The abuse of illegal drugs poses a worldwide problem, with a multitude of negative individual and societal consequences. Addiction to methamphetamine (MA) damages the brain, can induce psychosis, and is associated with crime and increased aggression. Military personnel, including Veterans and their families, have been identified as among key populations requiring special support to deal with their drug abuse problems. Genetic animal models for investigating risk for MA use and mechanisms that underlie risk and escalating use are lacking. This application describes research focused on a genetic mouse model for human methamphetamine (MA) use and on the identification of genetic factors and specific mechanisms that influence genetic risk for MA abuse. To be utilized are (1) unique genetic tools that consist of lines of mice selectively bred for high and low MA drinking (the MADR lines) and of interval specific congenic strains to be used for finer mapping of a gene(s) that influences MA intake;and (2) a newly developed operant oral MA self-administration method that has been used to validate the MADR lines as a genetic model that shows differential sensitivity to the reinforcing effects of MA. This program of research will develop a model of genetically-determined escalating, binge-like MA intake. It will also follow up the results of quantitative trat locus (QTL) mapping, which identified a locus on mouse chromosome 10 that accounts for ~50% of the genetic variance associated with differential MA intake, by completing finer mapping and sequence analysis that will allow progress to be made in identifying genes and gene networks that influence genetic risk for MA addiction. Preliminary data support the importance of mu-opioid receptors in this risk and pharmacological and molecular studies will be completed to further test the importance of this mechanism. In addition, molecular analyses will explore other potential candidate mechanisms and knockout mice and pharmacological approaches for druggable targets will be used to follow-up promising mechanisms. There are 3 specific aims: (1) examine genetically-determined patterns of MA intake, escalation, binge-like intake, and reinstatement. Potential differences in sensitivity to reinforcement by natural rewards will also be examined as part of this aim;(2) use an existing panel of interval specific congenic strains to more finely map the chromosome 10 QTL;measure genetically correlated traits in these congenics to test the hypothesis that a common genetic region on mouse chromosome 10 influences MA drinking and the correlated trait;(3) complete qPCR, sequence and Western blot analyses, after fine mapping of the chromosome 10 QTL, for genes that could impact MA drinking;use these data to identify specific mechanisms that should be tested for their impact on MA intake, using knockout and pharmacological approaches. Functional analysis of the mu- opioid receptor in the MADR lines, one candidate gene in the chromosome 10 interval, will also be completed. This work has the potential for developing a needed genetic animal model of high MA intake that takes advantage of existing genetic risk in the development of this model. In addition, the study of opioid system involvement dovetails nicely with ongoing clinical work that indicates concomitant changes in MA use in individuals receiving buprenorphine or methadone treatment (both opioid receptor agonists) for opiate dependence. Use of the genetic model will indicate whether animals at higher genetic risk for MA use are susceptible to opioid and other pharmacological interventions that are explored.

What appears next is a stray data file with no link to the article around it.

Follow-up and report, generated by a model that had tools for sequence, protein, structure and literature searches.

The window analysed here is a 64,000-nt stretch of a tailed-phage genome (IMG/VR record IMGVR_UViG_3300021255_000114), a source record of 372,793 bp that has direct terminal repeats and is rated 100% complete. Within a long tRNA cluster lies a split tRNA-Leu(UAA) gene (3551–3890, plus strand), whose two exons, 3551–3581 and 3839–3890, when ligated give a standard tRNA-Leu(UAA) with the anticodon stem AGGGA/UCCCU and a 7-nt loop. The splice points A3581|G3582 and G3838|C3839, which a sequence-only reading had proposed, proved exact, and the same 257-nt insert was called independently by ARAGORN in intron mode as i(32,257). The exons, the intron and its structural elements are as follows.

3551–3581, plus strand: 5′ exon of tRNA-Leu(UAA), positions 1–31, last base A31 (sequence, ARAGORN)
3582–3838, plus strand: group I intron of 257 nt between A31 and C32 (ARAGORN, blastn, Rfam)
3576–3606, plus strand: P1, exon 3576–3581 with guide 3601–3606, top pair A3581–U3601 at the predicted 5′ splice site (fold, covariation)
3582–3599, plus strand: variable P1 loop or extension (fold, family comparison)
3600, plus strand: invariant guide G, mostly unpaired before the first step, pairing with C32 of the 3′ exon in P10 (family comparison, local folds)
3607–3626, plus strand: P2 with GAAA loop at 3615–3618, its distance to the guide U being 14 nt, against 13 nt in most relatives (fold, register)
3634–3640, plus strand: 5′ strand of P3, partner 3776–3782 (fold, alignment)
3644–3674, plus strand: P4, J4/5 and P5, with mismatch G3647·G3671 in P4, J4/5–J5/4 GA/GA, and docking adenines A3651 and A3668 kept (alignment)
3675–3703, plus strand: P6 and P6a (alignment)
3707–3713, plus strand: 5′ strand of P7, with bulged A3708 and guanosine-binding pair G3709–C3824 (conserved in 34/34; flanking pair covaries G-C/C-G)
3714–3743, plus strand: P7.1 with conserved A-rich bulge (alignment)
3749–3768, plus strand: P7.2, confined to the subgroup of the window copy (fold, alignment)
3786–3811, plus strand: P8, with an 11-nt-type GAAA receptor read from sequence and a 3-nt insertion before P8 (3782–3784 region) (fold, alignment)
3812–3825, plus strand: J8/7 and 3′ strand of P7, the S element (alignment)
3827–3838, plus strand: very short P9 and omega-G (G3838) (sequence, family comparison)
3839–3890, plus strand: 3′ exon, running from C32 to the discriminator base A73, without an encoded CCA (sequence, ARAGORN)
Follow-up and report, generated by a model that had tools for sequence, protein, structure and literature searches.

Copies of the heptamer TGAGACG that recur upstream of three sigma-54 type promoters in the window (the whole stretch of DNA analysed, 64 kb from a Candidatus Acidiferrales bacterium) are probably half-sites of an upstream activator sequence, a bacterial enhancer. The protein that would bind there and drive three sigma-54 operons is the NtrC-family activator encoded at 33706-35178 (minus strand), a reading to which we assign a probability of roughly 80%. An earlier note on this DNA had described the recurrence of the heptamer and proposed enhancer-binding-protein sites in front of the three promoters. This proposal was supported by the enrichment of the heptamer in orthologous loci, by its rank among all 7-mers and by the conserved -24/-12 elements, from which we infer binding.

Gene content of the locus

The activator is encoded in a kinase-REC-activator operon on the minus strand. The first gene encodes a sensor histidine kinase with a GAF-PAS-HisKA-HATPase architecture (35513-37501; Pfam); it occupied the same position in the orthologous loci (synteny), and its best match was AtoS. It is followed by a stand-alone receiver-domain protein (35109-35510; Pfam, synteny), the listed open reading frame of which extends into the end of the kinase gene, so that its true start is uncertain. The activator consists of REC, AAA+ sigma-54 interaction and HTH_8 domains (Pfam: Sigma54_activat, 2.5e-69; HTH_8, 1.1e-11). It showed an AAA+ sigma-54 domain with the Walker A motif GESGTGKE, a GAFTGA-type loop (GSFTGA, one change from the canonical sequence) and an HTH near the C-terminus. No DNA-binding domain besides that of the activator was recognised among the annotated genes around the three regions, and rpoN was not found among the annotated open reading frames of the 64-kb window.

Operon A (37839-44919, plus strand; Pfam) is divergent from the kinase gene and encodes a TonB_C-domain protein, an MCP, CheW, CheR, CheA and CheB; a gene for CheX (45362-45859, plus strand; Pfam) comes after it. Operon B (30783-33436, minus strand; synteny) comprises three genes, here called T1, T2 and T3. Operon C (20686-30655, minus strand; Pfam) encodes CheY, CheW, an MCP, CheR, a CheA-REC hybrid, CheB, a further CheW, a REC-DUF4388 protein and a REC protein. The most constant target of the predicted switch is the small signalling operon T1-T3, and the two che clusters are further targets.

Public Health Relevance

The 2011 update of the United States National Drug Control Strategy identified active military personnel, Veterans, and their families as populations requiring special support to deal with their drug abuse problems. Data gathered by Drs. Ben Morasco and Linda Ganzini here at the Portland VA Medical Center estimate an increase of 50% over the last 10-year period in the number of veterans diagnosed with (meth)amphetamine (MA) use disorders and in the costs associated with treatment. Existing data also suggest that persons suffering from posttraumatic stress disorder (PTSD), commonly seen in military personnel and Veterans, are more likely to use methamphetamine than are trauma-exposed individuals without PTSD (Smith et al., 2010). This research program is focused on the development of a genetic animal model of binge MA use and identification of mechanisms associated with risk for MA addiction, with the ultimate goal of developing treatments for MA use disorders that would benefit Veterans.

National Institute of Health (NIH)
Non-HHS Research Projects (I01)
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Neurobiology A (NURA)
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Portland VA Medical Center
United States
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